The Congressional Enabling Act of the 30th of April 1802 followed that alternative of the North-West Ordinance which provided for five states in determining the boundaries, and in consequence the Indiana and Michigan districts were detached.
The first specific legislation on the subject was enacted on the 12th of February 1793, and like the Ordinance for the Northwest Territory and the section of the Constitution quoted above, did not contain the word "slave"; by its provisions any Federal district or circuit judge or any state magistrate was authorized to decide finally and without a jury trial the status of an alleged fugitive.
Stan's reign - " the ordinance " (as it declares itself) " which the bishop and the reeves belonging to London have ordained."
The Company of Parish Clerks is named in an ordinance of 1581 (of which there is a copy in the Record Office) as the body responsible for the bills, and their duties were then said to be " according to the Order in that behalf heretofore provided."
The adoption of hereditary names became general in Ireland, in obedience, it is said, to an ordinance of Brian Boru, about the end of the Loth century.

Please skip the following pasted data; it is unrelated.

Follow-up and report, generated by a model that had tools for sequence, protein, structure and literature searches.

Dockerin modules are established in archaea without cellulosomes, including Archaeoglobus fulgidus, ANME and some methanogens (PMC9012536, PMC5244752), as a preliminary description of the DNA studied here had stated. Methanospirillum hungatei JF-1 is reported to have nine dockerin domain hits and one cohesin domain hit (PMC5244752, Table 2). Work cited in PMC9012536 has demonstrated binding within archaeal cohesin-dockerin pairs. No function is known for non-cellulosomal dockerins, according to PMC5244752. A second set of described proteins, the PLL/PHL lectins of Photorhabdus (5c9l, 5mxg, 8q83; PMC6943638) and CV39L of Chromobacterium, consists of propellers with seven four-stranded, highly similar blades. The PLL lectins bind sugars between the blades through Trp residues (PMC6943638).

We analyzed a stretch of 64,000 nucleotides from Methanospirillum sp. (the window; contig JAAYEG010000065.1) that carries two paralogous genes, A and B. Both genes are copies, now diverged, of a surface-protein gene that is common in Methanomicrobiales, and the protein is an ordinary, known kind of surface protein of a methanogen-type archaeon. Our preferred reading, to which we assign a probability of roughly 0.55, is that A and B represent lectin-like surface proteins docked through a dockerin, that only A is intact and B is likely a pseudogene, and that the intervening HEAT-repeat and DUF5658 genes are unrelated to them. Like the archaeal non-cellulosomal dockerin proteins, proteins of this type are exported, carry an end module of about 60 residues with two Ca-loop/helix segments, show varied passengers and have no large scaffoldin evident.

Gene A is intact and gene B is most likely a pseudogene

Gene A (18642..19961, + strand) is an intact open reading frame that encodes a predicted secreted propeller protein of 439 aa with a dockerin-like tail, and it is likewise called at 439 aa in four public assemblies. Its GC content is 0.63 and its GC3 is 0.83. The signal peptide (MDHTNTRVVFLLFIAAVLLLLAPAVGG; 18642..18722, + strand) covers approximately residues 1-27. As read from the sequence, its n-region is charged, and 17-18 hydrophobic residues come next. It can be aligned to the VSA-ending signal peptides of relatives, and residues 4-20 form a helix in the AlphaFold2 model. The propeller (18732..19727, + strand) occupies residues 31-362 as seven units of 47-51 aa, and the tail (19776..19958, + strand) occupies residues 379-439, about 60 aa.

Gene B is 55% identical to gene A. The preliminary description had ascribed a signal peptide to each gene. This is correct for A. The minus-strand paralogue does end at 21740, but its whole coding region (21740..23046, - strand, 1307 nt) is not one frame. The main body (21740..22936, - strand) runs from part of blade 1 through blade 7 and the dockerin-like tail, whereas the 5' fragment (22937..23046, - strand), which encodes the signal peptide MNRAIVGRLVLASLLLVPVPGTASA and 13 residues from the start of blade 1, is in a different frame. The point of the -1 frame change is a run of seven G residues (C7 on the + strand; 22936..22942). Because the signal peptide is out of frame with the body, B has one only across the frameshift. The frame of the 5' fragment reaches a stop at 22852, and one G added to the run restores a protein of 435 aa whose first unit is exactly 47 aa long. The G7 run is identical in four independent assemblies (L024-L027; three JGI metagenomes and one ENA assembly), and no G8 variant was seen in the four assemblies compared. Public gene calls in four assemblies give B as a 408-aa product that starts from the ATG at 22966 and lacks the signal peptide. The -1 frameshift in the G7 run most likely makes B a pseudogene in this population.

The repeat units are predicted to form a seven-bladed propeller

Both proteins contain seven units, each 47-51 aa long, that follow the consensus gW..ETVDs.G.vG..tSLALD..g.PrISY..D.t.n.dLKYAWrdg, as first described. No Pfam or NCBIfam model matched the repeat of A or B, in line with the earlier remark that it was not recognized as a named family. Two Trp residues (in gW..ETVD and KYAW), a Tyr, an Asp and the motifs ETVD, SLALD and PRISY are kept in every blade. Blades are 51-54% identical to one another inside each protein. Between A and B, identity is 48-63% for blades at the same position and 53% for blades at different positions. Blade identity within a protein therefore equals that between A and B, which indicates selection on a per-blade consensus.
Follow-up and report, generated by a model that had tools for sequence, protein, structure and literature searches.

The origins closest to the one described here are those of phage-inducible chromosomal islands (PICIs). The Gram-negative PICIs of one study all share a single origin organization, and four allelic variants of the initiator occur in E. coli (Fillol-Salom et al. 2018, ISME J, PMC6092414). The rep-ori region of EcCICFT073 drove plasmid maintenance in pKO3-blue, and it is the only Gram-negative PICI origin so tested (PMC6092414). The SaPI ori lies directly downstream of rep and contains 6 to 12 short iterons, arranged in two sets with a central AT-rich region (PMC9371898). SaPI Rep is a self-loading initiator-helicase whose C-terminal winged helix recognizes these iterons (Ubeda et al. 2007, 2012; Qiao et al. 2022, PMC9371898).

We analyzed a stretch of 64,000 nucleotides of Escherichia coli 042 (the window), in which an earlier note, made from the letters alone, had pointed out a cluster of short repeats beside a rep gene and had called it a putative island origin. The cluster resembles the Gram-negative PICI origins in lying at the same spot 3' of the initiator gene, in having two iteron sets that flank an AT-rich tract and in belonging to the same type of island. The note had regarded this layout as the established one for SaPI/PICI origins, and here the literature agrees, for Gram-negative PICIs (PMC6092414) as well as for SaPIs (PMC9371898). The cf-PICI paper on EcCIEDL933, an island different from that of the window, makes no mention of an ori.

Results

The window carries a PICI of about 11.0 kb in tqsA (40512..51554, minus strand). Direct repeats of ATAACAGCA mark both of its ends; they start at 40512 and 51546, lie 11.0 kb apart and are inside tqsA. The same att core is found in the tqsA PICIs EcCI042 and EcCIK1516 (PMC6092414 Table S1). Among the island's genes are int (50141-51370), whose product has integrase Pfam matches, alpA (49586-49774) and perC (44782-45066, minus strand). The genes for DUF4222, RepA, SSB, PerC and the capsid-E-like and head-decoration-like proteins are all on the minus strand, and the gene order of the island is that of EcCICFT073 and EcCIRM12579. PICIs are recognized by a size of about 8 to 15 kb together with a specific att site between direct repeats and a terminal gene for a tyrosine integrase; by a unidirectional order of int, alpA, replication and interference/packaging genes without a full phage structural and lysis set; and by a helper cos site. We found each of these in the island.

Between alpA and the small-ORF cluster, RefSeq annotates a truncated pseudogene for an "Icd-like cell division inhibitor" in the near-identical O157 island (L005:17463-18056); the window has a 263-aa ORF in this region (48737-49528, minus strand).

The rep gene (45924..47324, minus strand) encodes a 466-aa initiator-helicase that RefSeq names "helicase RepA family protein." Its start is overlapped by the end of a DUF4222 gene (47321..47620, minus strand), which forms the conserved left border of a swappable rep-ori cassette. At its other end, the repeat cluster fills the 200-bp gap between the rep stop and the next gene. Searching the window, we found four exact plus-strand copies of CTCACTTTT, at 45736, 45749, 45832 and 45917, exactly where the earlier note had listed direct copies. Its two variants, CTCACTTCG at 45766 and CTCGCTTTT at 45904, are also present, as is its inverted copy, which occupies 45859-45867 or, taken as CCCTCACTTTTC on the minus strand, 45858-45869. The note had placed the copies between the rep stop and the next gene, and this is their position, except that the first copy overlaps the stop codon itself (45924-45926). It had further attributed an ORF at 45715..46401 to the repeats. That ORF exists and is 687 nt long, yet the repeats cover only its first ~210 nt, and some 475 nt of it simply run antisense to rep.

His military service terminated at the time of the Self-denying Ordinance in 1645; he had associated himself with the Presbyterian faction, and naturally enough was not included in the New Model.
Slavery was forbidden by the sixth article of the ordinance; and the third article read: "Religion, morality and knowledge being necessary to good government and the happiness of mankind, schools and the means of education shall for ever be encouraged."
The best history is Rufus King, Ohio; First Fruits of the Ordinance of 1787 (Boston and New York, 1888), in the "American Commonwealths" series.
They believe that an experience of more than 250 years gives ample warrant for the belief that Christ did not command them as a perpetual outward ordinance; on the contrary, they hold that it was alien to His method to lay down minute, outward rules for all time, but that He enunciated principles which His Church should, under the guidance of the Holy Spirit, apply to the varying needs of the day.
The last-named statesman, at the first Continental Congress after the evacuation by the British forces, proposed a draft ordinance (March ist 1784) for the government of the North-West Territory, in which it was provided that "after the year 1800 there shall be neither slavery nor involuntary servitude in any of the said states, otherwise than in punishment of crime."
Such provision was made in the Ordinance of 1787 (for the Northwest Territory), which in Article VI.